|US7466519||Jun 3, 2004||Dec 16, 2008||Nitto Denko Corporation||Wired circuit board for controlling characteristic impedances of a connection terminal|
|US20010007375 *||Feb 6, 2001||Jul 12, 2001||Joseph Fjelstad||Semiconductor chip package with fan-in leads|
|US20020006512 *||Jul 2, 2001||Jan 17, 2002||Takeshi Hikata||Corrosion-resistant conductive member|
|US20030088970 *||Nov 14, 2001||May 15, 2003||Headway Technologies, Inc.||A process for manufacturing a flat coil|
|US20030180557 *||Mar 21, 2003||Sep 25, 2003||Ube Industries, Ltd.||Aromatic polyimide film for electro-conductive sealing element of packaged semi-conductor device|
|US20040116013 *||Oct 20, 2003||Jun 17, 2004||Hiroshi Yoshida||Thin, electromagnetic wave shielding laminate for displays and process for producing the same|
|US20040130877||Jan 24, 2003||Jul 8, 2004||Akihiko Okubora||Substrate for high-frequency module and high-frequency module|
|US20040166659 *||Feb 20, 2004||Aug 26, 2004||Megic Corporation||Top layers of metal for high performance IC's|
|US20040247921||Feb 23, 2004||Dec 9, 2004||Dodsworth Robert S.||Etched dielectric film in hard disk drives|
|US20050146403||Jan 24, 2003||Jul 7, 2005||Sony Corporation||High-frequency module and its manufacturing method|
|US20050238080 *||Jun 27, 2005||Oct 27, 2005||Palo Alto Research Center Incorporated||Resistive thermal sensing|
|US20060011471||Feb 18, 2005||Jan 19, 2006||Eric Grippo||Process for manufacturing a ceramic element for a watch case and element obtained by this process|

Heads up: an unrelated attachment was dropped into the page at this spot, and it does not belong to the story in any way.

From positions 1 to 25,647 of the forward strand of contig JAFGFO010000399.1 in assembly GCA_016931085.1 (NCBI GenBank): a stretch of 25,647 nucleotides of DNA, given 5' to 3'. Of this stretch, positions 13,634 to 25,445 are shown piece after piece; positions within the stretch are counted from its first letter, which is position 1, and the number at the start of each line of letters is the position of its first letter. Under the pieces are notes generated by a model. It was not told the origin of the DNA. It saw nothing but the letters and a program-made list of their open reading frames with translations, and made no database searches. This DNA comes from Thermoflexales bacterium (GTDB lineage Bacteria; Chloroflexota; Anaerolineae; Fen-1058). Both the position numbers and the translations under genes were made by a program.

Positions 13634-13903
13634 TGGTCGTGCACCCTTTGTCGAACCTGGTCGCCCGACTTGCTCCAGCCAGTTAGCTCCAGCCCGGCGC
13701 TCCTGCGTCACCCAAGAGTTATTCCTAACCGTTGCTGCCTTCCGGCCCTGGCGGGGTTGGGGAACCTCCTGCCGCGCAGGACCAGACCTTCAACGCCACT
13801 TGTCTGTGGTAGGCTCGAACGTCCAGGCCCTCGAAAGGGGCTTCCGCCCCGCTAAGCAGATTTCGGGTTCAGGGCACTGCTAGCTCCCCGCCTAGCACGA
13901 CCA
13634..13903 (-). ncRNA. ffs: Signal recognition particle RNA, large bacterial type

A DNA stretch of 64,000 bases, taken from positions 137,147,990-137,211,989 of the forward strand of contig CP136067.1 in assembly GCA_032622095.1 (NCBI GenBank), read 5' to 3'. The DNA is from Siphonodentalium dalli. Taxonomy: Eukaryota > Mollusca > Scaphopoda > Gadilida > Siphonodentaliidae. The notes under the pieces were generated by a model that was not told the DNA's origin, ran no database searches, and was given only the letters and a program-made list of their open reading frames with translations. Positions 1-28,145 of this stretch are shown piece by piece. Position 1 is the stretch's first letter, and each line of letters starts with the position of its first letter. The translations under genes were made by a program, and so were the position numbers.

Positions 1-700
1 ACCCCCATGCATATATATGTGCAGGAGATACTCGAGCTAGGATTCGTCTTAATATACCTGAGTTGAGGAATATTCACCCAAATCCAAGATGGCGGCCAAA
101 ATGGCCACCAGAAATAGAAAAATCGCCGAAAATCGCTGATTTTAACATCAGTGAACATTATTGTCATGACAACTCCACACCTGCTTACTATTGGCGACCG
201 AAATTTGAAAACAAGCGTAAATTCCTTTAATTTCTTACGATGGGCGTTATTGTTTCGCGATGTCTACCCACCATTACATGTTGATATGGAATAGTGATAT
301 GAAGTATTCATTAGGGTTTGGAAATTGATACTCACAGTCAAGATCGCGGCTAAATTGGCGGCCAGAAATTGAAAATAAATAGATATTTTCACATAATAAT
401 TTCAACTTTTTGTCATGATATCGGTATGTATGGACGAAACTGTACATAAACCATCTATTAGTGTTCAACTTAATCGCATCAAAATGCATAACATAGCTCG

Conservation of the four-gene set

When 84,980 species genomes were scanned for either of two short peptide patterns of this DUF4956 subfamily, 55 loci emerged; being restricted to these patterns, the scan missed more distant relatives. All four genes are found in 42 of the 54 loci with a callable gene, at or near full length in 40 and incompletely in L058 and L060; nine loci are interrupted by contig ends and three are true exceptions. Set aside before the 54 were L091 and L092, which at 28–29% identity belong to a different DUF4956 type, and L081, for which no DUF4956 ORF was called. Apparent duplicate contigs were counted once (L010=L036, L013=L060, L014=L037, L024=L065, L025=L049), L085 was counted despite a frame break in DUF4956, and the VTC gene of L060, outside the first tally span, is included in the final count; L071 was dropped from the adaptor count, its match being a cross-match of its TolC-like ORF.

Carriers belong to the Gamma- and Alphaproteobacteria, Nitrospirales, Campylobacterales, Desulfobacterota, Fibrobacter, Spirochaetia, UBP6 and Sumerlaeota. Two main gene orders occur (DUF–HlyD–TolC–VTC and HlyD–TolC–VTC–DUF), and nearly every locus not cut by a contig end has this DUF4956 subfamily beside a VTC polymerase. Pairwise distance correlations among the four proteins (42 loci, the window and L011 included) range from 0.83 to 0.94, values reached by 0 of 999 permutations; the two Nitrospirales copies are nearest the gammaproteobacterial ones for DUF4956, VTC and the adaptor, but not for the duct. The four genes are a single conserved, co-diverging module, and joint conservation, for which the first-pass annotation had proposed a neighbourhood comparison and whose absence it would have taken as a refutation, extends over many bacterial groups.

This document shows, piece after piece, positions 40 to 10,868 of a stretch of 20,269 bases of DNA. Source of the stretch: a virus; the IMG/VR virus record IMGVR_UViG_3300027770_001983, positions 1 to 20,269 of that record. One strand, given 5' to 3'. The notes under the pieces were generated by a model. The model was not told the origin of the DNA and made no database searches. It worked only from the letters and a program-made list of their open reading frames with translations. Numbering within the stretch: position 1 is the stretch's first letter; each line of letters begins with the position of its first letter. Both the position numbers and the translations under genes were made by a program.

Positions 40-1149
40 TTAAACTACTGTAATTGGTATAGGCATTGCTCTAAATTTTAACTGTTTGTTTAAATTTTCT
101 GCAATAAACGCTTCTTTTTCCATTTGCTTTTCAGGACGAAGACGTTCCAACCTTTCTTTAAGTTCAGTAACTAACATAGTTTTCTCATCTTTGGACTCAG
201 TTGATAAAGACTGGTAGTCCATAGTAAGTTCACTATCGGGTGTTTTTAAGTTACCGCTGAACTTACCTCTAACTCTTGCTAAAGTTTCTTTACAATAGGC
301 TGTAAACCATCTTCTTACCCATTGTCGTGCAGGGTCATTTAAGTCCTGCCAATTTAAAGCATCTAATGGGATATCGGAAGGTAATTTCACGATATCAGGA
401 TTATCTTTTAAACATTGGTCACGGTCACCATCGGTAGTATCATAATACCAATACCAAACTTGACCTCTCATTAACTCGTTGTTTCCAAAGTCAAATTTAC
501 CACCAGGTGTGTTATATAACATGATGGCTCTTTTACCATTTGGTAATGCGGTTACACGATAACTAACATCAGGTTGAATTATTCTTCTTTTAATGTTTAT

|US20070236313||Aug 26, 2005||Oct 11, 2007||Innovative Micro Technology||Dual substrate electrostatic MEMS switch with hermetic seal and method of manufacture|
|US20090008133||Dec 27, 2004||Jan 8, 2009||Bullard Jeffrey W||Patterned Circuits and Method for Making Same|
|1||Advisory Action dated Nov. 2, 2009 in U.S. Appl. No. 11/340,298.|
|2||After-Final Amendment dated Oct. 9, 2009 in U.S. Appl. No. 11/340,298.|
|3||Examiner Interview Summary dated Dec. 24, 2009 in U.S. Appl. No. 11/340,298.|
|4||Examiner Interview Summary dated Oct. 13, 2009 in U.S. Appl. No. 11/340,298.|
|5||List of References Cited by Examiner and Advisory Action dated Dec. 18, 2009 in U.S. Appl. No. 11/340,298.|
|6||Office Action dated Aug. 17, 2009 in U.S. Appl. No. 11/340,298.|
|7||Office Action dated Mar. 30, 2009 in U.S. Appl. No. 11/340,298, 11 pp.|
|8||Request for Continued Examination and Amendment dated Dec. 17, 2009 in U.S. Appl. No. 11/340,298.|
|9||Request for Reconsideration dated Nov. 17, 2009 in U.S. Appl. No. 11/340,298.|
|10||Responsive Amendment filed Jun. 18, 2009 in U.S. Appl. No. 11/340,298, 13 pp.|
|Citing Patent||Filing date||Publication date||Applicant||Title|
|US8702998||Mar 9, 2012||Apr 22, 2014||Western Digital Technologies, Inc.||Method to manufacture a flexible cable for a disk drive|
|US9251817||Jun 24, 2015||Feb 2, 2016||Magnecomp Corporation||Microactuator grounding through oversized via in a disk drive suspension flexure circuit|
|U.S. Classification||174/254, 428/457, 174/256, 174/255, 29/593, 428/408, 29/885, 361/757, 361/793, 174/261, 361/771, 29/846, 174/259, 29/595, 174/257, 29/852, 174/265|
|Cooperative Classification||Y10T428/31678, Y10T29/49004, G11B5/486, Y10T29/49224, Y10T29/49007, Y10T29/49165, H05K1/056, H05K2201/0347, Y10T428/30, H05K3/388, H05K3/44, Y10T29/49155, Y10T29/49117, H05K2201/09827, H05K2201/09554|
|European Classification||H05K3/44, G11B5/48A7|
|Aug 9, 2006||AS||Assignment|
Owner name: MAGNECOMP CORPORATION, CALIFORNIA
Free format text: ASSIGNMENT OF ASSIGNORS INTEREST;ASSIGNORS:SCHREIBER, CHRISTOPHER;DUNN, CHRISTOPHER;REEL/FRAME:018090/0342
Effective date: 20060622
|Apr 10, 2014||FPAY||Fee payment|
Year of fee payment: 4